Ginger has been known and used practically worldwide and in all medicines. It has been cultivated for thousands of years in China and India, reaching the West for at least 2000 years. The name of this genus,
In Brazil, its cultivation was introduced shortly after the beginning of European colonization. However, only in the 1980s, with the introduction of giant rhizome varieties by Japanese farmers, ginger cultivation became effectively commercial in Brazil, especially in the coasts of Santa Catarina, Sao Paulo, and Paraná .
Ginger has a herbaceous habit, is perennial, produces articulated rhizome, and has adventitious roots and distal leaves, with the basilars reduced and floral bracts obliterated, each involving a single flower . The ginger rhizome has an elongated, slightly flattened body, with a color ranging from yellow to bright brown leather, striated longitudinally, with endings known as “fingers” that arise obliquely from the rhizomes. Internally yellowish brown, it has a yellow endoderm, with numerous fibrovascular bundles and abundant oil cells. It presents pleasant and aromatic odor and strongly pungent taste .
As a medicinal plant, ginger is one of the oldest and most popular in the world. It is used to relieve symptoms of inflammation, rheumatic diseases, and gastrointestinal discomfort . Its root has carminative, digestive, sweat, anti-influenza, and stimulating properties . In gastronomy, ginger is used as a seasoning and flavoring, giving spicy and refreshing characteristics. It is a raw material for the manufacture of beverages and bakery products such as breads, cakes, cookies, and jams. In the cosmetics industry, its use is due to its fragrance .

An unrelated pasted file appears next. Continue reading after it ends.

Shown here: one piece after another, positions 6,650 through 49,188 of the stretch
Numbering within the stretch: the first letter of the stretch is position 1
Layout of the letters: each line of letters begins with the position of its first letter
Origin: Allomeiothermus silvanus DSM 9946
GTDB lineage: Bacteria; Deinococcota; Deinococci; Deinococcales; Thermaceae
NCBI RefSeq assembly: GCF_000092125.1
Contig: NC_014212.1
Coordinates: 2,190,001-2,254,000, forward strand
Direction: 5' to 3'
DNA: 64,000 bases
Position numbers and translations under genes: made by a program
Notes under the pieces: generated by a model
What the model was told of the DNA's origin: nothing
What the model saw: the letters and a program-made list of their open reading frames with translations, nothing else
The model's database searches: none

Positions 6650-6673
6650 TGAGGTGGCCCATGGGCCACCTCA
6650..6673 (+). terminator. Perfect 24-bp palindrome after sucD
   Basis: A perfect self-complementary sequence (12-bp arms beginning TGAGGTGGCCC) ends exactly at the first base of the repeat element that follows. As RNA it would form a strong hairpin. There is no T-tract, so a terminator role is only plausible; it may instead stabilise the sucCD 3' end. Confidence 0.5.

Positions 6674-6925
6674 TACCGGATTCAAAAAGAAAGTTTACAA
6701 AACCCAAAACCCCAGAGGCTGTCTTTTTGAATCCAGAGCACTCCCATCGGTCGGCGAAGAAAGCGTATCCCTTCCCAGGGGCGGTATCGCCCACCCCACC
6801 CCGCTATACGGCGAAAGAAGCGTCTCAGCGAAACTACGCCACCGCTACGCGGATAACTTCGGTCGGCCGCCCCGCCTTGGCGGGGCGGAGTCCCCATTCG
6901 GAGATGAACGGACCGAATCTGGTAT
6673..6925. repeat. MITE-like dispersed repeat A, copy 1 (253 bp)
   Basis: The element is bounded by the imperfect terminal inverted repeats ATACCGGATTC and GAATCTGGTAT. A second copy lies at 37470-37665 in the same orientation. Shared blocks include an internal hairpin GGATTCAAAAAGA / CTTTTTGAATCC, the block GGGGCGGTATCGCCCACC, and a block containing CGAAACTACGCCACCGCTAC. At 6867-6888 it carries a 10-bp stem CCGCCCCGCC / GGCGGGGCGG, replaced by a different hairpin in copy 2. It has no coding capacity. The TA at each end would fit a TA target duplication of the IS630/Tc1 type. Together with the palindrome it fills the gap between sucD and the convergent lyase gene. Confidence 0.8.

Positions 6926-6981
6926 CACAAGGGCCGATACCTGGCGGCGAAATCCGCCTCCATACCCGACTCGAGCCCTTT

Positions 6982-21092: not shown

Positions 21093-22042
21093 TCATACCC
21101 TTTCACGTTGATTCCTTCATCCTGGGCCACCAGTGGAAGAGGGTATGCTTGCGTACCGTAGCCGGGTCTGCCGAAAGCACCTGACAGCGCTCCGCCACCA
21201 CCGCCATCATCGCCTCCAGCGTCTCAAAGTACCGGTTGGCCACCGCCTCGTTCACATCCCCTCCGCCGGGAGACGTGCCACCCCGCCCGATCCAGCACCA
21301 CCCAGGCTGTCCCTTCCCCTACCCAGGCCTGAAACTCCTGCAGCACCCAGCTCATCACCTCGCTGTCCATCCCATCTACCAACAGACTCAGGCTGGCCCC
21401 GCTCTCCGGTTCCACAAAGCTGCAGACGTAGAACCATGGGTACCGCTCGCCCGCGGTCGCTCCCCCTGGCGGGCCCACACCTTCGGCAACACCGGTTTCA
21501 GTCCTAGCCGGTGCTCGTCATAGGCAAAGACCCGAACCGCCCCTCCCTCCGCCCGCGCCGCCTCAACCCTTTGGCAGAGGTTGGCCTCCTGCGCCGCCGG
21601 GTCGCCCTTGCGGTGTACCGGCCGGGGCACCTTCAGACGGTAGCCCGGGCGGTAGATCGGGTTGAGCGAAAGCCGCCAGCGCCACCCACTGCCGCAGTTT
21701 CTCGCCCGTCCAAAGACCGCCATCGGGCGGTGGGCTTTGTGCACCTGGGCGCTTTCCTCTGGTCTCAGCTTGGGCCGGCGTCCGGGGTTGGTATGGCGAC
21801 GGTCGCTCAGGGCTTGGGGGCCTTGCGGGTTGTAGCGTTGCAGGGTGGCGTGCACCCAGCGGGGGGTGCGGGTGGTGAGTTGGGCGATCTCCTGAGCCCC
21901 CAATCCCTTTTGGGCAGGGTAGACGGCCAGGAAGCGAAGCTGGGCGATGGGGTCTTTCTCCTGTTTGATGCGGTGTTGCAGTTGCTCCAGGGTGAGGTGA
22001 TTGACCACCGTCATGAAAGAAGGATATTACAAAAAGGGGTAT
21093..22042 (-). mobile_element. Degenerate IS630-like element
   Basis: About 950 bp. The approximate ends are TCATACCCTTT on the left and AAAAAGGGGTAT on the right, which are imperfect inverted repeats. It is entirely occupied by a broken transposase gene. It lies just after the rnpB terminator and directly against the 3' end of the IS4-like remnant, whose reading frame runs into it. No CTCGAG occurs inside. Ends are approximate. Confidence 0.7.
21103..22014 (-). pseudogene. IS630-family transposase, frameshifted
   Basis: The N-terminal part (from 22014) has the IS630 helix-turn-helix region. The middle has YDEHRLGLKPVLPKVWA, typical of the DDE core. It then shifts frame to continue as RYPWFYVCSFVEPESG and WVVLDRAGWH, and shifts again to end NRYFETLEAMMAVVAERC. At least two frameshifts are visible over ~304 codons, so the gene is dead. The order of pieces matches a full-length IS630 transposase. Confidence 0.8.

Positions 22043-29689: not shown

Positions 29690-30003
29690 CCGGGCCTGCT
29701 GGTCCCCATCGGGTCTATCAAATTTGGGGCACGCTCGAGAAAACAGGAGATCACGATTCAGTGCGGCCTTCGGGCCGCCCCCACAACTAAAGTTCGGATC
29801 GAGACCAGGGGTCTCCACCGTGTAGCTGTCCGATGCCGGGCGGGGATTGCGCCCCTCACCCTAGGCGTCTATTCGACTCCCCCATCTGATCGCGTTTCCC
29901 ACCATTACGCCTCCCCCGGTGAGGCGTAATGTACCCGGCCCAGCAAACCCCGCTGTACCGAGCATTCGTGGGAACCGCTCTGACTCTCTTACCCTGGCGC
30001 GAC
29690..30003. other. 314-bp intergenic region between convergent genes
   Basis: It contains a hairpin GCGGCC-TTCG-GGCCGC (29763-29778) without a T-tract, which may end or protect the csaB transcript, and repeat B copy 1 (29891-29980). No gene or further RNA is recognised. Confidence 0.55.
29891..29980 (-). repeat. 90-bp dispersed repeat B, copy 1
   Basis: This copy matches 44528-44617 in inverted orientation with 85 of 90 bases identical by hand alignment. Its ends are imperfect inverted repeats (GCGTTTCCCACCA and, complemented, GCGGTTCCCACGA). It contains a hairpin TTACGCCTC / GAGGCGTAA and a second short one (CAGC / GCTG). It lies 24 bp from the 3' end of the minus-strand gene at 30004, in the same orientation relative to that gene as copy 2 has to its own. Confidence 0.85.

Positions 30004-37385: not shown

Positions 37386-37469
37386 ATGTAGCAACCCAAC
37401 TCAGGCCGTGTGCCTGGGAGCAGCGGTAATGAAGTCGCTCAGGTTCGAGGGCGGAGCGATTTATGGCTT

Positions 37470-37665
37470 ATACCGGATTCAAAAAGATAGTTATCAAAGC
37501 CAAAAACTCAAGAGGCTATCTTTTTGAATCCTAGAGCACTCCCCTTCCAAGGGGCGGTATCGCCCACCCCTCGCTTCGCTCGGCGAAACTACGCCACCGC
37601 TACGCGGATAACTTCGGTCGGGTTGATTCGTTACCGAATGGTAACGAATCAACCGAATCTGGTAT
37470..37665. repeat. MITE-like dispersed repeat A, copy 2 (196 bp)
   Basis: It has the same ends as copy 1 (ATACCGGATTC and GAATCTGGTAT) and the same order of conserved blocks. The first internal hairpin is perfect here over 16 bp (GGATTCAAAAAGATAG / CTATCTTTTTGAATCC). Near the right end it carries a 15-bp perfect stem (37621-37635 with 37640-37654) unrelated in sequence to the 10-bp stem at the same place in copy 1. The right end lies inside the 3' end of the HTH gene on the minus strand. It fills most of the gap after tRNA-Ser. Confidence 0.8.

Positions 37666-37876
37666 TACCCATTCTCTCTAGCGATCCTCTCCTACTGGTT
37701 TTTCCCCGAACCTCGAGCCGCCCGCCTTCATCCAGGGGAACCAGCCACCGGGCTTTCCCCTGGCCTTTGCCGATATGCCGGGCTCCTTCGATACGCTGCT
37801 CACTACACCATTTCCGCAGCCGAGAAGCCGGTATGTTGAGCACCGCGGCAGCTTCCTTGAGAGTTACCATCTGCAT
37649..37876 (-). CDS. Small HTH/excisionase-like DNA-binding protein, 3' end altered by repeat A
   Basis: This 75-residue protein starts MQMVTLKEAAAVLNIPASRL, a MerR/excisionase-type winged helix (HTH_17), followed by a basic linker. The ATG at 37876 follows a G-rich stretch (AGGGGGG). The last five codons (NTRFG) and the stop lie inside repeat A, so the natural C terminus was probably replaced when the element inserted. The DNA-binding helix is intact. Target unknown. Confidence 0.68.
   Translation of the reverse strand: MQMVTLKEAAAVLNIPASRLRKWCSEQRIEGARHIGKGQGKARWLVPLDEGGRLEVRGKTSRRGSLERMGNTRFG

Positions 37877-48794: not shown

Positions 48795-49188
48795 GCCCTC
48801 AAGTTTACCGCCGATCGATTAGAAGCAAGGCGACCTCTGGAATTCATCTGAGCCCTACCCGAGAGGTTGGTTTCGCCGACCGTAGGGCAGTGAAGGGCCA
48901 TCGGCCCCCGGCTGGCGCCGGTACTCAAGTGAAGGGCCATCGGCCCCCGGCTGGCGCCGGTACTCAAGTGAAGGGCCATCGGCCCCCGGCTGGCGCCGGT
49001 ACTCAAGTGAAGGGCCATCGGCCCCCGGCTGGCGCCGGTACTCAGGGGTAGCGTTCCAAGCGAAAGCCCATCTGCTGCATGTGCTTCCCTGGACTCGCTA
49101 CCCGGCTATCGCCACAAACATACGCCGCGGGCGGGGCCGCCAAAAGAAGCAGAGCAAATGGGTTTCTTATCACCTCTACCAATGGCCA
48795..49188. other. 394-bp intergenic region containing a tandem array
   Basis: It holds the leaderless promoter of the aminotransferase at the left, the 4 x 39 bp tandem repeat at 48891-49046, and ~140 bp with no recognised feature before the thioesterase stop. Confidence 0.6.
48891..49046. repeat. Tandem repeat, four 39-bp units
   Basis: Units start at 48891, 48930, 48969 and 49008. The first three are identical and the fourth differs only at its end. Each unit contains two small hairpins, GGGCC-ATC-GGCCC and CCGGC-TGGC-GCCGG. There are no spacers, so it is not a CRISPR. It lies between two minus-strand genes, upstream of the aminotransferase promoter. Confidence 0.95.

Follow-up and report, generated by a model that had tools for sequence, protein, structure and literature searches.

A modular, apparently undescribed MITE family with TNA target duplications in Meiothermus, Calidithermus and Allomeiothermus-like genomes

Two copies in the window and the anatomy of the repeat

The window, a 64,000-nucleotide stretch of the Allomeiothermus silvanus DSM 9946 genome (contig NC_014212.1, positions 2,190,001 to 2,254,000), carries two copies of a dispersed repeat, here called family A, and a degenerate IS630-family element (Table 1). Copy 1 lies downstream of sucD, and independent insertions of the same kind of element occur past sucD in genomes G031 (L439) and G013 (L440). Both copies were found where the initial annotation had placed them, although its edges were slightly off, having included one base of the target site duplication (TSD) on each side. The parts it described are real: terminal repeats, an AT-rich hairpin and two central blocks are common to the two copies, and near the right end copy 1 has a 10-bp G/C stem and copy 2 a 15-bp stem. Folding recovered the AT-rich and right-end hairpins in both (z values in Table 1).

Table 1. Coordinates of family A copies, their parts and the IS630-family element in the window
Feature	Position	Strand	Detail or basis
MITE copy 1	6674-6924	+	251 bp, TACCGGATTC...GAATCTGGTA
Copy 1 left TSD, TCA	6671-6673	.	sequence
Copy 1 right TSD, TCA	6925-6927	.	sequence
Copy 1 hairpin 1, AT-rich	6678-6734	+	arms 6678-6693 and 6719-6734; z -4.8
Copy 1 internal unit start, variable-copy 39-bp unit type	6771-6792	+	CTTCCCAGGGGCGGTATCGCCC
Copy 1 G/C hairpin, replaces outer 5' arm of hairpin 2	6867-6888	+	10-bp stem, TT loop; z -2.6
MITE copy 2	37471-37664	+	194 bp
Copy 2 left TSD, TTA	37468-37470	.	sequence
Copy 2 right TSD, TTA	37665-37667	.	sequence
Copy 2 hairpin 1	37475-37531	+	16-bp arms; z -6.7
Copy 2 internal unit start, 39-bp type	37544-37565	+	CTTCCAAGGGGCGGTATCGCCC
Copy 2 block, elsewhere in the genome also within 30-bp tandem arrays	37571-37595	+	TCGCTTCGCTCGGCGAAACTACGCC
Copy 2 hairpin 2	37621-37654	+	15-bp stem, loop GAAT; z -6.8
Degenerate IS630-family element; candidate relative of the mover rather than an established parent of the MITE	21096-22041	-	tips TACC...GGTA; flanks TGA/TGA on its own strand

Ginger has shown a variety of biological activities such as antifungal [11, 12], anti-inflammatory , antiviral , antimicrobial [3, 15], antioxidant , and antitumor [17, 18, 19]. Due to these properties, the use of rhizomes to obtain ginger essential oils, extracts, and concentrates has attracted interest from the pharmaceutical and food industries.
3.2 Chemical profile of ginger essential oils
Chemical analysis of ginger shows that it contains over 400 different compounds where the main components of ginger rhizomes are carbohydrates (50–70%), lipids (3–8%), terpenes, and phenolic compounds. Terpenes include zingiberene, β-bisabolene, α-farnesene, β-sesquifelenolene, and α-curcumene, while phenolic compounds include gingerol, paradols, and shogaol , as shown in Table 1.
In studies from 2006 to 2018 with
The variation in the composition of the essential oils obtained from this species may be due to genetic and/or environmental factors, plant age, and different extraction methods. The composition of essential oils directly influences their antimicrobial activity, as each secondary metabolite has a specific ability to break or penetrate the structure of the microorganism .
3.3 Antimicrobial assays with ginger
The most used methods for the determination of antimicrobial activity of
|Disk and well diffusion agar||DMSO|||
|Broth microdilution MIC and MBC||DMSO 5%|||
|Agar disk diffusion||Acetone|||
|MIC—broth microdilution||Ginger essential oil|||
|Agar disk diffusion||Essential oil|||
|MIC—broth microdilution||Tween 80|||
|Agar disk diffusion||Ginger essential oil|||
|MIC-broth microdilution||Tween 126|||
|Broth microdilution MIC and MBC||DMSO|||
It was verified  that the
The disk diffusion and well diffusion tests have been used to evidence antimicrobial activities, assuming that all components of the oil have the same solubility, but as verified in Tables 3 and 4, the diffusion of oil in the agar, during the test, may not diffuse into the agar, limiting the use of this method. However, the use of several methods to determine antimicrobial activity, as verified in , can directly interfere with the result. Although interference of chemical composition is possible, the MIC values found in several studies do not demonstrate a reproducibility using broth dilutions [21, 31, 33, 35, 37].